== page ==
Foster Swift No-Fault E-News
December 8, 2011
In a published and therefore precedential opinion, a 2-1 majority of the Michigan Court of Appeals has provided guidance for use in calculating the amount to be paid for family-provided attendant care services in a No Fault case. Hardrick v Auto Club Ins Ass’n, __ Mich App __ (2011), 2011 WL 6003968 (December 1, 2011).
In Hardrick, Plaintiff had suffered a traumatic brain injury and his medical providers prescribed 24-7 attendant care “for supervision and safety.” Defendant had been paying Plaintiff’s parents $10.50 per hour for these services, but urged that his parents qualified as “behavioral technicians” and thus were entitled to a higher rate. The jury awarded $28 per hour, and defendant appealed.
The Court observed that:
ACIA relies extensively on Bonkowski v Allstate Ins Co, 281 Mich App 154; 761 NW2d 784 (2008), for the proposition that evidence of agency rates for attendant care services "is irrelevant" to establish the rate for family-provided care.
However, Bonkowski expressly acknowledged that its analysis of this issue was pure dicta … . We are, therefore, in no way bound to follow Bonkowski. …
In any event, we disagree with Bonkowski's suggestion that agency rates are irrelevant to establish family-care rates[.] …
We agree that the rates charged by an agency to provide attendant care services are not dispositive of the reasonable rate chargeable by a relative caregiver.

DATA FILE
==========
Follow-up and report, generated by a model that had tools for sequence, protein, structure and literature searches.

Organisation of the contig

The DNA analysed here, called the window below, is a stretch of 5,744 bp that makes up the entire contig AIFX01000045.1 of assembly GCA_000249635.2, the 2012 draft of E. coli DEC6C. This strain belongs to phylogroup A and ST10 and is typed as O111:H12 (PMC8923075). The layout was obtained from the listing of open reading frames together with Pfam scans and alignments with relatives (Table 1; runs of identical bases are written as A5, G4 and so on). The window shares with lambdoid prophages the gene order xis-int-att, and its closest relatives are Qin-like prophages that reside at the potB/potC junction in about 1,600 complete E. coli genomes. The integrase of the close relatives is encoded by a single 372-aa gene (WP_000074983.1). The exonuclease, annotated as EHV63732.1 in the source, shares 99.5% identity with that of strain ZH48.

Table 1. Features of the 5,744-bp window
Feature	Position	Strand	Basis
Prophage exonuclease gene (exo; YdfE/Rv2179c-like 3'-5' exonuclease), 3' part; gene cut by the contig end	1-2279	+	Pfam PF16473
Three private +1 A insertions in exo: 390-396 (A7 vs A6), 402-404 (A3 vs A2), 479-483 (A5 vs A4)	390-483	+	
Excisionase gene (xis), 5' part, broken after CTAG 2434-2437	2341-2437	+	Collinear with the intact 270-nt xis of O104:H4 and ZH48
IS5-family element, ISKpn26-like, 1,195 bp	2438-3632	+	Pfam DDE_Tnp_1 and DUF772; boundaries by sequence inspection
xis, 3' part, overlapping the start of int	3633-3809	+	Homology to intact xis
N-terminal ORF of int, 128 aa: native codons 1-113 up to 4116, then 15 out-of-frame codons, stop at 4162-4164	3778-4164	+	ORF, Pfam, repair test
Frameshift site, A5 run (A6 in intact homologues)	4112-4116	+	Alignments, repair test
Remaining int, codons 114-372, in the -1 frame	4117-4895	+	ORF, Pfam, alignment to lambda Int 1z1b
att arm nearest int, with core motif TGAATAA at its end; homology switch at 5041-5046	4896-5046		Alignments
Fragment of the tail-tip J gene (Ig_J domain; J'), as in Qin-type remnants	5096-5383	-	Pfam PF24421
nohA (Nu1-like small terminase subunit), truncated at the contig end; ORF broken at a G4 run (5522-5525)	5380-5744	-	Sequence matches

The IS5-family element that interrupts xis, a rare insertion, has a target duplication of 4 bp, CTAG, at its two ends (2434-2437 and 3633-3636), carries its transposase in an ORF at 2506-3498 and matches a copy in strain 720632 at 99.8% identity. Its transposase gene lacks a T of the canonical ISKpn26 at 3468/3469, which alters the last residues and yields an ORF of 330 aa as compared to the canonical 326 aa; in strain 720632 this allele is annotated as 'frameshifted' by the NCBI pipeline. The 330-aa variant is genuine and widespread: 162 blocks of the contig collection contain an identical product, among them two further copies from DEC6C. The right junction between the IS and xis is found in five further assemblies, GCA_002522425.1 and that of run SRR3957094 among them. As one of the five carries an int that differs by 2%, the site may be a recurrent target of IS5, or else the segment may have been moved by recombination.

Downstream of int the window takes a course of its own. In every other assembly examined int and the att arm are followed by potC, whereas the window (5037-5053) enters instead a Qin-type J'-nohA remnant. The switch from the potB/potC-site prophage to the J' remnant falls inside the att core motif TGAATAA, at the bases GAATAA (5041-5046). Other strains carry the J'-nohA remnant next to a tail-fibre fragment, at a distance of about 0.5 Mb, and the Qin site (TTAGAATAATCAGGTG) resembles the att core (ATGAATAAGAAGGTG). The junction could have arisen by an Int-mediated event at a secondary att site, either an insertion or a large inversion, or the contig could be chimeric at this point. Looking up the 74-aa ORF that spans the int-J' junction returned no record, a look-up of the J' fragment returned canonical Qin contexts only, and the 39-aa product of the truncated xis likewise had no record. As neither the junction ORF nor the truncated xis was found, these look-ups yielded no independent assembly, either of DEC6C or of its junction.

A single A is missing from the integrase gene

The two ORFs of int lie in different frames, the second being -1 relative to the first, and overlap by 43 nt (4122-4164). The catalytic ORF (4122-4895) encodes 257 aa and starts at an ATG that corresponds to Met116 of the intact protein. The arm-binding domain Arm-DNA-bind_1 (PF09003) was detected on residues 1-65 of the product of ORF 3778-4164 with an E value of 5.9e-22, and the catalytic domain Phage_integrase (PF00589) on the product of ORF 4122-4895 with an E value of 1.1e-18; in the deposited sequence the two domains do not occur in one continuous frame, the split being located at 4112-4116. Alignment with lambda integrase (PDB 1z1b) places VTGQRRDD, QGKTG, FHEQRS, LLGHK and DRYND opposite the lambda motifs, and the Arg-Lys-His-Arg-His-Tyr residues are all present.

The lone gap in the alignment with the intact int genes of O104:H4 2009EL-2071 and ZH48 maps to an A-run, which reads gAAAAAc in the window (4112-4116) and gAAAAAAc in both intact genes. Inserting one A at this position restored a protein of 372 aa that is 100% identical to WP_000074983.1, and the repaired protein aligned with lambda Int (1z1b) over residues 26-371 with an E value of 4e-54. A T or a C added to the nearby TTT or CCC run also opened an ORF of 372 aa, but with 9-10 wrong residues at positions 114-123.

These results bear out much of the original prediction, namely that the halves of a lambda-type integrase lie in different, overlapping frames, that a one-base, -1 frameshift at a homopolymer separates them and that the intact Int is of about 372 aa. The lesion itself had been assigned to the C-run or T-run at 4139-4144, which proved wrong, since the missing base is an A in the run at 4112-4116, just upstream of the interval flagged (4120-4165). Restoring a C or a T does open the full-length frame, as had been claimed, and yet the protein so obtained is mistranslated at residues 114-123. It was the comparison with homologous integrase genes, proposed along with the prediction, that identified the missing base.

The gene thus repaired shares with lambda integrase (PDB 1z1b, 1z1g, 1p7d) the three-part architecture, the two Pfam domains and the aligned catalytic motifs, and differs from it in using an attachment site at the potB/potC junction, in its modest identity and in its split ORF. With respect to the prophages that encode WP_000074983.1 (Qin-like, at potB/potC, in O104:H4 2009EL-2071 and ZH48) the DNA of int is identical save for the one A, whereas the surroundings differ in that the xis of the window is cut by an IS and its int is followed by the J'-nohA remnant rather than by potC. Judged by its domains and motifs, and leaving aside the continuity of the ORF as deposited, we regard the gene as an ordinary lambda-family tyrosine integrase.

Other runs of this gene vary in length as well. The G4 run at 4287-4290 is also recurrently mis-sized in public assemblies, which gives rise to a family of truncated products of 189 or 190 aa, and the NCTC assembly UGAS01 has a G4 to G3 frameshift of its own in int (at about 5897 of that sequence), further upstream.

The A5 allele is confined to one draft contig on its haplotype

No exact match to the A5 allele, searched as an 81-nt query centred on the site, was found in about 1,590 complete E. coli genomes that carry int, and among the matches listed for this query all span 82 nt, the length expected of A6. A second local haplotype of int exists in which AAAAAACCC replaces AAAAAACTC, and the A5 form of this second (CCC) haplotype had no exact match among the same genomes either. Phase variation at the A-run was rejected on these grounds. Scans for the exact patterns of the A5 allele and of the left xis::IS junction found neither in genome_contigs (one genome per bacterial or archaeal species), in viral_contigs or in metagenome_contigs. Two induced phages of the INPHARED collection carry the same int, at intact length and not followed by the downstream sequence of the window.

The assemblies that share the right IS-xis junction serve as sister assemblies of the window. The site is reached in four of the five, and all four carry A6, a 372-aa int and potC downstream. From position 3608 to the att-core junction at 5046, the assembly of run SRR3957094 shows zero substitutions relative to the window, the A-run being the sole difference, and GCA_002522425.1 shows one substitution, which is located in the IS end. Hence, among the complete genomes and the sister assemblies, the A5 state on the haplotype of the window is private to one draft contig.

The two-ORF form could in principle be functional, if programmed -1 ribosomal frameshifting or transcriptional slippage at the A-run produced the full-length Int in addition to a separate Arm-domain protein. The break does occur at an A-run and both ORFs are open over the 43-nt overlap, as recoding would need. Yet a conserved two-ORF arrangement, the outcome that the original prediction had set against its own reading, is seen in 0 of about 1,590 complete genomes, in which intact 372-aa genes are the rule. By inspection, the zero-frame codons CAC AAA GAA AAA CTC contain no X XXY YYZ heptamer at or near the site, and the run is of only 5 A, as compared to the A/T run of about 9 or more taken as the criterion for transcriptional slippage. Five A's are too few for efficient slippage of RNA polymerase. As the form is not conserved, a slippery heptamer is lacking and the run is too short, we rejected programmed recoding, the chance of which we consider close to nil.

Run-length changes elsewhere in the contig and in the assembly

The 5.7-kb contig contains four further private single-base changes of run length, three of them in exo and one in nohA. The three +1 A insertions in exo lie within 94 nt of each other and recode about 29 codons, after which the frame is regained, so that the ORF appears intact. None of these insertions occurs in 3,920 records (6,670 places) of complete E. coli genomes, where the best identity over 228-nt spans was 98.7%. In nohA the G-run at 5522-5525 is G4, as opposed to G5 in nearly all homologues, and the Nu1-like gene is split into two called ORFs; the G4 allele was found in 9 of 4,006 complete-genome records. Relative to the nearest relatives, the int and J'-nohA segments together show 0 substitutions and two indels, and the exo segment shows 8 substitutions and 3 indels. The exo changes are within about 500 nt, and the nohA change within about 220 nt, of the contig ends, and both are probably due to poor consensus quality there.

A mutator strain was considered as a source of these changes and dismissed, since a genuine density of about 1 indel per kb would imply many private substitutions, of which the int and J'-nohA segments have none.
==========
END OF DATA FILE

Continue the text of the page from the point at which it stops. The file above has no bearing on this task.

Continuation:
However, this does not detract from the relevance of such evidence.
The Court of Appeals concluded that agency rates are relevant evidence that may assist a jury in determining a reasonable charge submitted by a family member. Also relevant would be an attendant care provider’s wage and the “overhead” incurred (or not) in conjunction with providing such services (e.g., scheduling and coordinating the 24 hour care and managing the business side of the care, such as submitting claims forms). A family member who personally provides attendant care services may also bear an “opportunity cost.”
The dissent argued for a “market rate” in determining a reasonable charge for no-fault services.
Defendant also appealed sanctions imposed by the trial court for discovery violations. The Court of Appeals found that the trial court's choice of sanctions was more extreme than entry of a default and thus was an abuse of discretion. The case was remanded for a new trial.
This case is important because it sets out guidelines that a fact-finder may consider in determining whether charges for family-provided attendant care are reasonable. It is not known whether there will be additional appellate proceedings.